He’s a monster, and she asked for it, but let’s not talk about it!

Trigger warning: this story contains explicit details that may be triggering to survivors of sexual and/or violent crimes. Please read with care.

Did you know that the US ranks 13 for rape in the world? According to the National Sexual Violence Resource Center (NSVRC), every 98 seconds an American is sexually assaulted. Rape, incest, and abuse are rampant in our society. These numbers continue to rise because we accept the silence culture, refuse to learn the real facts about rape, and detach ourselves from the issue. We can all participate in preventing sexual crimes by promoting rape literacy, openness, and compassion.

Every 98 seconds, an American is sexually assaulted

In December of 2011, the FBI finally changed its 85-year-old definition of rape from “the carnal knowledge of a female forcibly and against her will” to “penetration, no matter how slight, of the vagina or anus with any body part or object, or oral penetration by a sex organ of another person, without the consent of the victim.” We are making progress in treating sexual assault as a gender-neutral issue, recognizing that males are also raped, but until we see rape as any unwanted, unconsented sexual act or contact, whether attempted or completed, we fail to grasp the scope of this issue and remain illiterate as a nation. Without an accurate definition of what rape really is, it is difficult to admit you have assaulted someone or to acknowledge you are a victim.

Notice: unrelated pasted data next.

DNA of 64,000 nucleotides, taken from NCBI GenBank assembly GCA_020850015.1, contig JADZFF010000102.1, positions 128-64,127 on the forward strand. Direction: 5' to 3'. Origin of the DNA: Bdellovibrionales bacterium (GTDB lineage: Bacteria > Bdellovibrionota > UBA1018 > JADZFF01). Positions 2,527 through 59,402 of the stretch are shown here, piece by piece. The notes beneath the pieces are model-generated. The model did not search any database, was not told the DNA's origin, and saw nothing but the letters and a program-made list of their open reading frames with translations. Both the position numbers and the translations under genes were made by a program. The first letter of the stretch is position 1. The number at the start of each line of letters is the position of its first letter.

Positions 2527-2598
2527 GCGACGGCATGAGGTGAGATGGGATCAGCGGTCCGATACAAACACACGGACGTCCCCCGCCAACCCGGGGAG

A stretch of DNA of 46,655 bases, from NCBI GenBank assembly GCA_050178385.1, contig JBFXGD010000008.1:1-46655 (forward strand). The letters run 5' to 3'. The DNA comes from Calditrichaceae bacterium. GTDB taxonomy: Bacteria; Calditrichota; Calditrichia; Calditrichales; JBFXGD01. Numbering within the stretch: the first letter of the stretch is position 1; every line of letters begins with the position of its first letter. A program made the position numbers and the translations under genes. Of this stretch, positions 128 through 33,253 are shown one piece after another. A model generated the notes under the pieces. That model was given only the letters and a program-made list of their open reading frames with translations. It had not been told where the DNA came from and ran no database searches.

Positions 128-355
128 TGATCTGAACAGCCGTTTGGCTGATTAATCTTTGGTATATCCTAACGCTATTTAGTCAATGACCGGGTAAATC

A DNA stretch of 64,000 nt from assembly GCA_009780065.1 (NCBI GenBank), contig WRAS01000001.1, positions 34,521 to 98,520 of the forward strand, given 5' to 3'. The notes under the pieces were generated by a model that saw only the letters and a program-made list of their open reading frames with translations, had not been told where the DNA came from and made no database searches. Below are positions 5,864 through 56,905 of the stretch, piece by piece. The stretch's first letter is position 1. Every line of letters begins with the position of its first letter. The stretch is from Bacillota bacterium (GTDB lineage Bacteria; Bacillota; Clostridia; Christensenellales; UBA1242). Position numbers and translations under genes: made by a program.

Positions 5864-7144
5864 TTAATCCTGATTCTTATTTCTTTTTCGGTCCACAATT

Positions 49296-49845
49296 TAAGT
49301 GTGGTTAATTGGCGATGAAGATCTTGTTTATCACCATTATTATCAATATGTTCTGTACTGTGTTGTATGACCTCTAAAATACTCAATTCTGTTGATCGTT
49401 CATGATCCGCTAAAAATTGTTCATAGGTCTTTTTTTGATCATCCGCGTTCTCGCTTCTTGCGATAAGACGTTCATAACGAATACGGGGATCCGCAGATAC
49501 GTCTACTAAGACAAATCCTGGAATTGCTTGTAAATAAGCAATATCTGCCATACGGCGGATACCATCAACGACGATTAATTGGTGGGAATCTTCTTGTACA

Webster’s Dictionary defines “victim” as “a person who is cheated, fooled, or hurt by another.” Many women and men are reluctant to identify themselves as victims because of the negative connotation it has. At age 19, I became a victim of sexual assault when I was kidnapped and almost killed by a merciless man. When I realized the stigma attached to this experience, I regretted surviving and wished the assailant had been successful in his attempted murder.

Besides the undesirable labels, most victims of sexual crimes face disbelief, blame, and invalidation. This is especially true when victims have engaged in behaviors that may have heightened their vulnerability, such as drinking alcohol or walking alone in a dangerous part of town. The fear of being dismissed, shamed, or blamed is the main reason why rape is the most under-reported crime in the U.S. The NSVRC estimates that 63% of sexual assaults are not reported to the police.